In 1992, he moved back to Spain, where he helped to establish a terrorist cell that played a part in the planning of September 11th. Two years later, Suri moved to England. He soon became a fixture in the Islamist press in London, writing articles for the magazine Al Ansar, which promoted the insurgency in Algeria that resulted in more than a hundred thousand deaths. The magazine’s editor was Abu Qatada, a Palestinian cleric who has been characterized as Al Qaeda’s spiritual guide in Europe. Al Ansar was, in many ways, the first jihadi think tank; Suri and other strategists suggested tactics for undermining the despotic regimes in the Arab world, and they promoted attacks on the West even as American and European intelligence agencies were largely unaware of the threat that the Islamist movement posed.

Jamal Khashoggi, a Saudi journalist who is currently the press aide to the Saudi Ambassador in Washington, Prince Turki al-Faisal, met Qatada and Suri in the early nineties. They struck him as far more radical than Osama bin Laden; at the time, Al Qaeda was primarily an anti-Communist organization. “Osama was in the moderate camp,” Khashoggi recalled recently. He coined the phrase “Salafi jihadis” to describe men, such as Abu Qatada and Suri, who had been influenced by Salafism, the puritanical, fundamentalist strain of Islam. “Osama was flirting with these ideas,” Khashoggi said. “He was not the one who originated the radical thinking that came to characterize Al Qaeda. He joined these men, rather than the other way around. His organization became the vehicle for their thinking.”

Suri later wrote about bin Laden’s conversion to his ideas, which took place after bin Laden returned to Afghanistan, in 1996. Salafi jihadis spoke with him about a situation that angered him deeply: the presence of American troops on the holy soil of the Arabian Peninsula. Corrupt Islamic scholars had lent their authority to the Saudi royal family, the jihadis argued, and the royal family, in turn, had given legitimacy to the American incursion. There were two possible solutions: either attack the royal family — which would likely anger the Saudi people — or strike at the American presence. “This would force the Saudi family to defend it, thereby losing its own legitimacy in the eyes of Muslims,” Suri writes. “Bin Laden chose the second option.”

Suri believed that the jihadi movement had nearly been extinguished by the drying up of financial resources, the killing or capture of many terrorist leaders, the loss of safe havens, and the increasing international coöperation among police agencies. (The British authorities were pursuing him as a suspect in the 1995 Paris Métro bombings.) Accordingly, he saw the Taliban’s takeover of Afghanistan, in 1996, as a “golden opportunity,” and he went there the following year. He set up a military camp in Afghanistan, and experimented with chemical weapons. He also arranged bin Laden’s first television interview with CNN. The journalist Peter Bergen, who spent several days in Suri’s company while producing the segment, and who recently published an oral history, “The Osama bin Laden I Know,” recalled, “He was tough and really smart. He seemed like a real intellectual, very conversant with history, and he had an intense seriousness of purpose. He certainly impressed me more than bin Laden.”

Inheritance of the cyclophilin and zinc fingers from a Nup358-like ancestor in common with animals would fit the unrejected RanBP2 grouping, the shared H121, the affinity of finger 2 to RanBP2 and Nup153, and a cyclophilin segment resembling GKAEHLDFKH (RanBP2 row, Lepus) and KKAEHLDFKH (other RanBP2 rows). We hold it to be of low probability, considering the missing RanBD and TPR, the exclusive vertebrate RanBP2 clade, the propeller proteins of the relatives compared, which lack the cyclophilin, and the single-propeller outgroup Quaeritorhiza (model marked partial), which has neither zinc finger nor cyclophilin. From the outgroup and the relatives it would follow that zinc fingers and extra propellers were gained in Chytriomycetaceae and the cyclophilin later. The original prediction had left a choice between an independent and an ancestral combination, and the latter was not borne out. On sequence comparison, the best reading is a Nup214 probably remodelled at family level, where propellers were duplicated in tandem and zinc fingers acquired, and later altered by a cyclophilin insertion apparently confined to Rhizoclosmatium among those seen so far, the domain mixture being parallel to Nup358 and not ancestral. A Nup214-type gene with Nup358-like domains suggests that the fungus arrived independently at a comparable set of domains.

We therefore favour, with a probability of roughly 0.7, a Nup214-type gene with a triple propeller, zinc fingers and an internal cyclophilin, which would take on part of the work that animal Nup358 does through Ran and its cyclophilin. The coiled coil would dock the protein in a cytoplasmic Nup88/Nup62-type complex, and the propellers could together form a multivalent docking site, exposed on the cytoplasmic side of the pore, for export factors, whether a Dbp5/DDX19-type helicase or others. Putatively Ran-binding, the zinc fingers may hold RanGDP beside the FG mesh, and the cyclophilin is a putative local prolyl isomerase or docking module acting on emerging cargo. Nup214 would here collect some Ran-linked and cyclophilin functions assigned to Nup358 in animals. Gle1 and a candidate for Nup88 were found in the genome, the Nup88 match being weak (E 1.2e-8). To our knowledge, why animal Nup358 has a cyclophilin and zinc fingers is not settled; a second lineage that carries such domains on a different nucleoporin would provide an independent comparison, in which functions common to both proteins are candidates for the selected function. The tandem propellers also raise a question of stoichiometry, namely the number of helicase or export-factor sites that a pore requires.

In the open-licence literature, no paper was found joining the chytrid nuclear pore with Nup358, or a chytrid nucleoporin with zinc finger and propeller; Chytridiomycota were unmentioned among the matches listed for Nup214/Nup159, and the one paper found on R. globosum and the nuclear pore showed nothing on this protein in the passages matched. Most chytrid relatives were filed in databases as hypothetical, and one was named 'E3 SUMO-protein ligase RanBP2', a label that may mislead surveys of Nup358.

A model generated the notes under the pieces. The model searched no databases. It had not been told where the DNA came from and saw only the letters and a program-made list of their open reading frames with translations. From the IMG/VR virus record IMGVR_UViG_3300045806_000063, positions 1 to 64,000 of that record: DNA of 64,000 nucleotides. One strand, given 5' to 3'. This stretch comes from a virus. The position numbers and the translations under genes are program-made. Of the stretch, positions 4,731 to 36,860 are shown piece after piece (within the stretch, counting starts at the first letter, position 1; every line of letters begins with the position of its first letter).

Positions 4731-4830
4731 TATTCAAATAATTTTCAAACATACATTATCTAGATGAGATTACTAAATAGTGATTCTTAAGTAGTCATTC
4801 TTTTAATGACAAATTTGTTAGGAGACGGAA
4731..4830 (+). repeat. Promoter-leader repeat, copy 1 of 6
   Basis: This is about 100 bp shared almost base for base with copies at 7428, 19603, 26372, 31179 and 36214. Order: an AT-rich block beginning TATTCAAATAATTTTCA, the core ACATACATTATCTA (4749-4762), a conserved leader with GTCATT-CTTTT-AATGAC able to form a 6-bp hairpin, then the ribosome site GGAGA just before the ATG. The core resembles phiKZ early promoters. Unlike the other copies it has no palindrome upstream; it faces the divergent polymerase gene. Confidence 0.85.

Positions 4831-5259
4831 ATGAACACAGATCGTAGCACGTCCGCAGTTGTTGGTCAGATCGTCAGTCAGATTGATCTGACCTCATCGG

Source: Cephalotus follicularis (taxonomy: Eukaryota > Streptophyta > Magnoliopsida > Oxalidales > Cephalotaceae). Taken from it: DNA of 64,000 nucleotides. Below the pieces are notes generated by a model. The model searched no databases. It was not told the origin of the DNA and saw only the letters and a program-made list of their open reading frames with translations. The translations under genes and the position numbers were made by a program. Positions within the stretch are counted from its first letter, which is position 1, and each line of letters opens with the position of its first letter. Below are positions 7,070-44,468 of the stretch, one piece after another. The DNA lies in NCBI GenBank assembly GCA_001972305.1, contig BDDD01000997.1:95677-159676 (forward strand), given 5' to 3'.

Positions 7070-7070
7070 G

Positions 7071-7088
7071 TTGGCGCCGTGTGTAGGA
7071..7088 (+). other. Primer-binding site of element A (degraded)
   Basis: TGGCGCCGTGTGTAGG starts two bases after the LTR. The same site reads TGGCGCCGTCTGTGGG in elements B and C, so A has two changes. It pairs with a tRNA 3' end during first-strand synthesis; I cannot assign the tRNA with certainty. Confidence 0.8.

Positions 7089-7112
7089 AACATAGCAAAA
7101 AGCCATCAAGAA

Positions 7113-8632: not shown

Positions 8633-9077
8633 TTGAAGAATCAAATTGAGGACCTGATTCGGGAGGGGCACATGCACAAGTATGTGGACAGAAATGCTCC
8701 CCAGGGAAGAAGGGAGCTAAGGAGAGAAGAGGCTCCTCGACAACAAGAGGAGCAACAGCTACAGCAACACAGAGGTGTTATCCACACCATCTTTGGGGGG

In 1999, Suri sent bin Laden an e-mail accusing him of endangering the Taliban regime with his highly theatrical attacks on American targets. And he mocked bin Laden’s love of publicity: “I think our brother has caught the disease of screens, flashes, fans, and applause.” In his writings, Suri rarely mentioned Al Qaeda and disavowed any direct connection to it, despite having served on its inner council. He preferred to speak more broadly of jihad, which he saw as a social movement, encompassing “all those who bear weapons — individuals, groups, and organizations — and wage jihad on the enemies of Islam.” By 2000, he had begun predicting the end of Al Qaeda, whose preëminence he portrayed as a stage in the development of the worldwide Islamist uprising. “Al Qaeda is not an organization, it is not a group, nor do we want it to be,” he writes. “It is a call, a reference, a methodology.” Eventually, its leadership would be eliminated, he said. (Suri himself was captured in Pakistan in November, 2005. American intelligence sources confirmed that Suri is in the custody of another country but refused to disclose his exact location.) In the time that remained to Al Qaeda, he argued, its main goal should be to stimulate other groups around the world to join the jihadi movement. His legacy, as he saw it, was to codify the doctrines that animated Islamist jihad, so that Muslim youths of the future could discover the cause and begin their own, spontaneous religious war. [Continue reading…]